length gathered by our group to its actual value, it has similar values
because we obtained a percentage error of 0.31%. Also by observing,
position 1 and 2 that are created by the line coincides with one another
which proves the theory that image and object distances are really
interchangeable.
Lastly, the magnification of the projected image indicates the orientation
of an object. Having a positive magnification indicates that the orientation
of the image is upright, while if the magnification value is negative it
means that the object is inverted. When the magnification value is less
than one, the image it projects is smaller but when the magnification
value is greater than one, the image it projects is larger. By using these
information and the data we gathered we can say that the image
projected in this part of our experiment has an orientation opposite from
the object, because our values are negative.
IV. Conclusion
I can therefore conclude that, refraction is a phenomenon that occurs
when the light ray is bent when it hits a certain object. Lens is a device
made of transparent material that refracts the light rays going through it.
In this experiment we mainly used convex lens, it has 2 focal points which
is one on each sides, because of that the values of the image and object
distance can be interchanged and it can form a real inverted image or a
virtual erected image which depends on the values of the distances of the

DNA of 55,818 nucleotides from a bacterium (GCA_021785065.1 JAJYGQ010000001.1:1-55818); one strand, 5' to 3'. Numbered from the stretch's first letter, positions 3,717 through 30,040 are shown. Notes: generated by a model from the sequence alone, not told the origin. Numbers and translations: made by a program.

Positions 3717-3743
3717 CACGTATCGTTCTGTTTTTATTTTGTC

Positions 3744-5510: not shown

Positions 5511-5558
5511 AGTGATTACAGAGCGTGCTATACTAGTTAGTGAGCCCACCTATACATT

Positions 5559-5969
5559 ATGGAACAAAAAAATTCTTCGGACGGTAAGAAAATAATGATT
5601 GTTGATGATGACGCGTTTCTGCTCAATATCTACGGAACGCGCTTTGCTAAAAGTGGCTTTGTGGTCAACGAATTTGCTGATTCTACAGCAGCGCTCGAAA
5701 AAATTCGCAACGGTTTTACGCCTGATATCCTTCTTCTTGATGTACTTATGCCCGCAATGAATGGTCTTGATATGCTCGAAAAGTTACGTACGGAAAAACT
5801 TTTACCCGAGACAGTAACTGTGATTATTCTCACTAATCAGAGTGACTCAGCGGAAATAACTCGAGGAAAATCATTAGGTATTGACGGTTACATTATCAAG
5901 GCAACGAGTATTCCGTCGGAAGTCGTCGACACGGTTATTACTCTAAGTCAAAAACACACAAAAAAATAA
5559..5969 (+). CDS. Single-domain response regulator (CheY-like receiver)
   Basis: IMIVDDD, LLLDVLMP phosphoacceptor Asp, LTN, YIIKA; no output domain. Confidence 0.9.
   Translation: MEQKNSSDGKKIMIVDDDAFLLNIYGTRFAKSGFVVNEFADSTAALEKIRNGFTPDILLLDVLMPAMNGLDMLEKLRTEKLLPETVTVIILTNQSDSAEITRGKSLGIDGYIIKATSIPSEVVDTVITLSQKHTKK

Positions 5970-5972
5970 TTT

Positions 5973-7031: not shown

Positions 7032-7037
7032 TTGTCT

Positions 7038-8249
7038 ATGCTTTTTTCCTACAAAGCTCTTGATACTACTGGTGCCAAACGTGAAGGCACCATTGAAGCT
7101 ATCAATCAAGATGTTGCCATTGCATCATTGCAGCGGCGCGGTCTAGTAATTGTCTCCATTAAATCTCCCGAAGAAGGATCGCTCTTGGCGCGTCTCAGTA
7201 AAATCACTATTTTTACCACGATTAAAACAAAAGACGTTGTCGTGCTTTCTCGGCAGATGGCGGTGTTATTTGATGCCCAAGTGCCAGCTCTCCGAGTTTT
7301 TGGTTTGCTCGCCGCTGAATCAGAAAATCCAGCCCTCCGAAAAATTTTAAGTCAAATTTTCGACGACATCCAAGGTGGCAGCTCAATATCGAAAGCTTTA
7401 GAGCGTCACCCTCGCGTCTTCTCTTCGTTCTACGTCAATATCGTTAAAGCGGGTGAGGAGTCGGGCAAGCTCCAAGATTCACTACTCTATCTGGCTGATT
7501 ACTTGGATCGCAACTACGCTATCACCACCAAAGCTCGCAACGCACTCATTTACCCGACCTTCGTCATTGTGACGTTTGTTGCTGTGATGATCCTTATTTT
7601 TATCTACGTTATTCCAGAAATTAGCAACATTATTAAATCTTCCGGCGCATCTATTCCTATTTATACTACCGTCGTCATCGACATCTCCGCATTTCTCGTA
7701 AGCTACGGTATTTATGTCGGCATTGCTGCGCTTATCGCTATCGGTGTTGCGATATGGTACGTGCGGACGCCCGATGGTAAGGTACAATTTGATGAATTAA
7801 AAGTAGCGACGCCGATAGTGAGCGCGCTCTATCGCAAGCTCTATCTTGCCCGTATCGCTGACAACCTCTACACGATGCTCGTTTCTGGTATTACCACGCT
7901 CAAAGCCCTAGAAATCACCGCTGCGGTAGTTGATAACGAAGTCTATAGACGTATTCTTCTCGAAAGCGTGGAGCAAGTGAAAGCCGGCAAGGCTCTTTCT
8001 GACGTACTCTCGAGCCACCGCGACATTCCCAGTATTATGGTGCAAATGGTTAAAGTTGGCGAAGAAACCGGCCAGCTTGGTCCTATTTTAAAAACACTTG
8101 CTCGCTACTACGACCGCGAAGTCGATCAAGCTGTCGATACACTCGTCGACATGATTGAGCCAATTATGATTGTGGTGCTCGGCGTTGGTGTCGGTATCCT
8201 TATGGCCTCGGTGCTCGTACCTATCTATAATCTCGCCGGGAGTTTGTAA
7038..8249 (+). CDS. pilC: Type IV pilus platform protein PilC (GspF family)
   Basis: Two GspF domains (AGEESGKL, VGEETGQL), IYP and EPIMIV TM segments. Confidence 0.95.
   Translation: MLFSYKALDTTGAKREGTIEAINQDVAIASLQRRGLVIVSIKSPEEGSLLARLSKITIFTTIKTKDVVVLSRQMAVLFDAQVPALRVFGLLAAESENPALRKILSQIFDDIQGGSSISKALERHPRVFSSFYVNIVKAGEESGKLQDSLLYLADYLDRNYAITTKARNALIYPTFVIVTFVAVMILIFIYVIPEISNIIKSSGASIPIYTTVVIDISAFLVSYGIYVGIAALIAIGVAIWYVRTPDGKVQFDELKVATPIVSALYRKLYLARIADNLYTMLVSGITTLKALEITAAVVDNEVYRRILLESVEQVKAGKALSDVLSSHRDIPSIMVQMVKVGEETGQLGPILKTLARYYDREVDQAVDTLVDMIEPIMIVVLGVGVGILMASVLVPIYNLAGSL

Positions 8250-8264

focal length and object. If the object is outside of the images focal length
it can be concluded that the image formed is real and inverted, but if the
object is inside the focal length the image formed is virtual and upright.
We can differentiate the concave and convex lens by the image it projects.
Convex lens projects a real image while a concave lens projects a virtual
image.
Magnification can be described as the ratio of an image size. Magnification
has different properties, when its value is negative it indicates that the
image is inverted. If the value of the magnification is positive it can be
said that the orientation is upright. If the value is greater than 1 we can

say that the image magnified is enlarged but if the value is less than 1 the
image size is diminished.
Therefore we have proved that image and object distances are
interchangeable which we can conclude that it has points of conjunction
that will yield the same value for the focus.

Sample Computation:
Part A: Determination of Focal Length using an Object at Infinity
Solution: Lens 1 (Trial 1)
1
f=
=9.9 cm
1 1
+
9.9
error =

1010.05
x 100 =0.5
10

Part B: Determination of Focal Length using an Object at Finite Distance


Solution: Lens 1 (Position 1)
1
f=
=9.8 cm
1 1
+
11 90
error =

109.795
x 100 =2.05
10

Part C: Determination of Focal Length using Graphical Technique


Solution: Lens 2 (Position 1)
1
1
1
1
=
=0.033898 c m1
=
=0.014184 c m1
100-cm Gap:
s 29.5
s ' 70.5
90-cm Gap:

1
1
1
=
=0.030675 c m
s 32.6

1
1
1
=
=0.017422c m
s ' 57.4

85-cm Gap:

1
1
=
=0.025907 c m1
s 38.6

1
1
=
=0.021552 c m1
s ' 46.4

Equation:

y=0.9177 x+ 0.0454

x-intercept: 0.049472 c m
1
x =
=20.21366 cm
0.049472
1

Focal Length:

y-intercept: 0.0454 c m
1
y =
=22.02643 cm
0.0454
1

Focal Length:

Focal Length:
Ave Focal Length=
error =

20.21366+22.02643
=21.2004 cm
2

2021.2004
x 100 =5.60022
20

Magnification:
'

100-cm Gap:
difference=

m=

s 70.5
=
=2.39
s
29.5

2.392.425
x 100 =1.45
2.39+2.425
2

m=

hi 9.7
=
=2.425
ho 4